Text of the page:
Russian Cross-Country Skiing Federation President Elena Vyalbe has accused Norway of being "disrespectful" to the sport after pulling out of this month’s International Ski Federation (FIS) Tour de Ski over coronavirus concerns.
The eight-leg competition - which forms part of the FIS Cross-Country Skiing World Cup - is due to run until January 10, with athletes currently battling it out in Italy after competing in Switzerland.
Leading nations Norway, Sweden and Finland - who had already opted to skip December’s World Cup events due to the coronavirus pandemic - called for the Tour de Ski programme to be shortened only to be rejected by FIS.
While Sweden and Finland still agreed to compete, Norway withdrew from the event - a decision criticised by Vyalbe.
"It is disrespectful to colleagues, FIS and the large ski family," said Vyalbe in an interview with Norwegian newspaper VG.
"If Norway participates in ski jumping, biathlon, biathlon, why not cross-country skiing?
"It is dangerous (due to coronavirus) but you have to take some chances.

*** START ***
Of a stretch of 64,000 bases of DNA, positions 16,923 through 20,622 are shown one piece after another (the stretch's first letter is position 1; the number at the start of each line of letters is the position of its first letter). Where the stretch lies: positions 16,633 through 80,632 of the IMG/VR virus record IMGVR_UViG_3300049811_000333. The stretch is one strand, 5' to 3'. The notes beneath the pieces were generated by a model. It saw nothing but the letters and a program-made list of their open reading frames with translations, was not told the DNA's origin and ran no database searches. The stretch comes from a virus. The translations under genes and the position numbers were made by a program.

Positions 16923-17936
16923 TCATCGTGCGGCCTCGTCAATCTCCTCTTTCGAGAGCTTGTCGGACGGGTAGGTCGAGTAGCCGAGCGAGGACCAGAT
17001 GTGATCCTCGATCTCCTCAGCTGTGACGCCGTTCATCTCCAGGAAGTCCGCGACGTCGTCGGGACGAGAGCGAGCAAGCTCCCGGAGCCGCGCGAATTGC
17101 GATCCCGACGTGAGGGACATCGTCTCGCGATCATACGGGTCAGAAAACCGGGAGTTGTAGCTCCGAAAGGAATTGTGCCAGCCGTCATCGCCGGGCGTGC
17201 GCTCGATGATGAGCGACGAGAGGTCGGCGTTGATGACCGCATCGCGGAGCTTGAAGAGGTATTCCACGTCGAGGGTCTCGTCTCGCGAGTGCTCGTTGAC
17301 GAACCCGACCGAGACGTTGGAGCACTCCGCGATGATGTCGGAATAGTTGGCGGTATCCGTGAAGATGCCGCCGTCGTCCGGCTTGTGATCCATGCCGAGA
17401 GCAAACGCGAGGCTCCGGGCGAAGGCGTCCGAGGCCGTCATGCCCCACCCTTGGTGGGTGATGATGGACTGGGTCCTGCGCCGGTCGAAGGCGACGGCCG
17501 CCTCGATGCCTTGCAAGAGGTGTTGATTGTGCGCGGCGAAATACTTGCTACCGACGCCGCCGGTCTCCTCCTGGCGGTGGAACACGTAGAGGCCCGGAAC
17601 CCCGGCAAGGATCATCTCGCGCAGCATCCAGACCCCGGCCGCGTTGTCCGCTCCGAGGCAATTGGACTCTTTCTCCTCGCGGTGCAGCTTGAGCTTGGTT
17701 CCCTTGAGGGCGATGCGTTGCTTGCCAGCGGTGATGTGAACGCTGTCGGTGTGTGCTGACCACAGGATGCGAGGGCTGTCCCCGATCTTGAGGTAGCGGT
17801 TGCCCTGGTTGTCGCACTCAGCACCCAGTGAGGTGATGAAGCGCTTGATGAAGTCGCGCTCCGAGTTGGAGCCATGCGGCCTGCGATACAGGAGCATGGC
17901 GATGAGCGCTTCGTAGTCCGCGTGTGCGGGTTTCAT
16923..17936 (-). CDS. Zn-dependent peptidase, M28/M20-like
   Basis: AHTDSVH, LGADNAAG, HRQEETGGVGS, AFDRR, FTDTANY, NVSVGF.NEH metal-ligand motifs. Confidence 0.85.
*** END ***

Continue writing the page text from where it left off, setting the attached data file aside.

"It is a pity that Norway does not participate.
"It is always interesting when all the strongest nations are involved."
In response to Vyalbe’s comments, Espen Bjervig, Norwegian cross-country skiing team manager, said the health of athletes and support staff remained top priority.
"We do not know the consequences of COVID-19 well enough and do not want to challenge the lung capacity of endurance athletes with regard to possible infection," Bjervig told VG.
"Of course, we understand that other sports may have a different perception of this."
Norwegian cross-country star Therese Johaug previously claimed she would only compete in the Tour de Ski if there were a maximum of five races on the programme.
But Pierre Mignerey, cross-country race director for FIS, insisted the request was not "realistic".
The Norwegian Ski Association cited the 2021 FIS Nordic World Ski Championships - set to begin in Oberstdorf in late February - as its priority for the season when announcing it was opting out of December’s World Cup legs in Swiss resort Davos and German town Dresden.
The team's experience at Ruka in Finland in November, when the World Cup season began, was also mentioned, with athletes and officials said to have found that maintaining social distancing was more demanding than they had anticipated.
Similarly, the Finns were not overly impressed with the experience of the first World Cup event of the new campaign.